Joseph F. Berenato
Zero school tax increase
HAMMONTON—At the May 4 meeting of the Hammonton Board of Education, Superintendent of Schools Robin Chieco gave a presentation regarding the 2023-2024 school budget.
As preparations for the 2023-2024 school year begin, we reflect on the previous year, evaluate existing programs and research enhancements for a continuous cycle of school improvement. In order to achieve growth, there must be a cohesive plan and a continuity of programs to provide opportunities for our students to excel.
For the 2023-2024 school year, Chieco said that the total budget is $69,330,659, the local tax levy is $20,149,897, and state aid for all funding sources is $33,111,991.
“This is an increase of over $2.6 million. This is the final year of the phasing of state aid provided to underfunded districts. It should also be noted that there is no increase in local taxes in this budget,” Chieco said.
Chieco said that, over the past few years, the school has added additional programs and supplemental tools to assist the students.
“As we want to maintain our current programs, these materials must be purchased each year.
Our staff has done a tremendous job utilizing these resources as we stay the course to improve student achievement. Consistency and cohesive planning will continue to provide the direction for student growth,” Chieco said.
Among new programs, Chieco said, is the Preschool 3 Cohort.
“One classroom of 12 3-year-olds will be added to our preschool program as part of the requirement for the preschool expansion. A lottery for the 12 seats will be held at our June 8 board of education meeting,” Chieco said.
Other new programs include a new science series for Hammonton Middle School students as well as additional course offerings for students at Hammonton High School.
“Next year, we will be offering AP Spanish Language and Culture, AP Computer Science A, two levels of statistics and probability and a semester course on American pop culture,” Chieco said.
To alleviate overcrowding at the Warren E. Sooy Elementary School, Chieco said that the district will utilize federal funds to expand the Early Childhood Education Center (ECEC).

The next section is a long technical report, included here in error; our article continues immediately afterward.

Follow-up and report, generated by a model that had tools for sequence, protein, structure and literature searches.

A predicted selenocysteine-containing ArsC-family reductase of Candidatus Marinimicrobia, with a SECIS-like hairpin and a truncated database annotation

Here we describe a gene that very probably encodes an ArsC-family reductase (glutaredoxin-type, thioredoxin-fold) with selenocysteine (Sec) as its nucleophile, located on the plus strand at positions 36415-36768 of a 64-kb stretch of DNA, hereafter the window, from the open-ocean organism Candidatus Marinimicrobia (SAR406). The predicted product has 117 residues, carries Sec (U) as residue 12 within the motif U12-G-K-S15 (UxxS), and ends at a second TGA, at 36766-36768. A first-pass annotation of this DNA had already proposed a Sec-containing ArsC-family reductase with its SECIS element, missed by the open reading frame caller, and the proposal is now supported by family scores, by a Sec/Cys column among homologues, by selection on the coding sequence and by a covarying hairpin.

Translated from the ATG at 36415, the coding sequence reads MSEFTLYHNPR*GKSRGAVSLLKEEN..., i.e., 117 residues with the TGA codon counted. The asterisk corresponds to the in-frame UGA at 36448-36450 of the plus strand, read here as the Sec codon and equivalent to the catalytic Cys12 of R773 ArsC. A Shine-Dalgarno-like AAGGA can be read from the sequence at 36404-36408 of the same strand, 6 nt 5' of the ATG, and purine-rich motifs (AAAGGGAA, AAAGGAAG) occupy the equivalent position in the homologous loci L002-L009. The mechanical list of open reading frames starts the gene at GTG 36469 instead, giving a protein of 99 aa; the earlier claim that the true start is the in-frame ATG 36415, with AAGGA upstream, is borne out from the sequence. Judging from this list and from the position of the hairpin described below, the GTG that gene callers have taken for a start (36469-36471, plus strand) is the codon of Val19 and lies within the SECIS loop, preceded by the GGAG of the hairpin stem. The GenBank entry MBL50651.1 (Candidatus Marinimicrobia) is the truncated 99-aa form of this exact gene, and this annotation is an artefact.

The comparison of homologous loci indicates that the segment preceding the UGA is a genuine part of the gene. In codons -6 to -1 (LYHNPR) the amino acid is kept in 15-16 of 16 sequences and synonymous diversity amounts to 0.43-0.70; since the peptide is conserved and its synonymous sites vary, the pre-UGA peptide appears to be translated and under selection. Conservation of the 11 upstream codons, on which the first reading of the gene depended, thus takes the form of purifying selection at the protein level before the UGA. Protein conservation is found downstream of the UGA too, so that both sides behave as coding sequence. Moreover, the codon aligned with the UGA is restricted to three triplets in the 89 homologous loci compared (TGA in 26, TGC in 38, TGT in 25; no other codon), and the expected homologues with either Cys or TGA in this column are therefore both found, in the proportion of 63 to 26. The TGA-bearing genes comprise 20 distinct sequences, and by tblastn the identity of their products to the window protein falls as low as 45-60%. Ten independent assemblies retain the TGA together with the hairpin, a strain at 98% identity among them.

“Eight classrooms, along with additional space for related services, will be added to the current building. There will also be renovations to the main office to provide an entrance similar to the WES building for increased security,” Chieco said.
Chieco said that construction is scheduled to be completed by September of 2024
Chieco said that board continues to look for ways to improve its facilities while remaining fiscally responsible.
“We have submitted three ROD grants to the state. ROD grants are funds provided to regular operating districts to improve facilities,” Chieco said.
Chieco said that the three applications regard improvements to the middle school, consisting of auditorium renovations and upgrades, upgrades to the gymnasium and locker rooms and renovations to lavatories outside of the gymnasium.
“These areas do not have air conditioning, and are in need of remediation and improvements,” Chieco said.
Following Chieco’s report, Board President Sam Mento III read the five resolutions on the evening’s agenda relating to the budget. Afterwards, Board member Ray Scipione made a motion that for board to resolve the following:
• Approve to adopt the 2023-2024 Hammonton Public School district budget, as required by the New Jersey Department of Education process, in the following sums: General Fund, $63,088,271; Special Revenues, $4,198,106; Debt Service, $2,044,282; Total Budget, $69,330,659.
• Acknowledge that the 2023-2024 school district budget represents: General Fund Tax Levy, $18,487,722; Debt Service Fund Tax Levy, $1,662,175; Total Tax Levy, $20,149,897.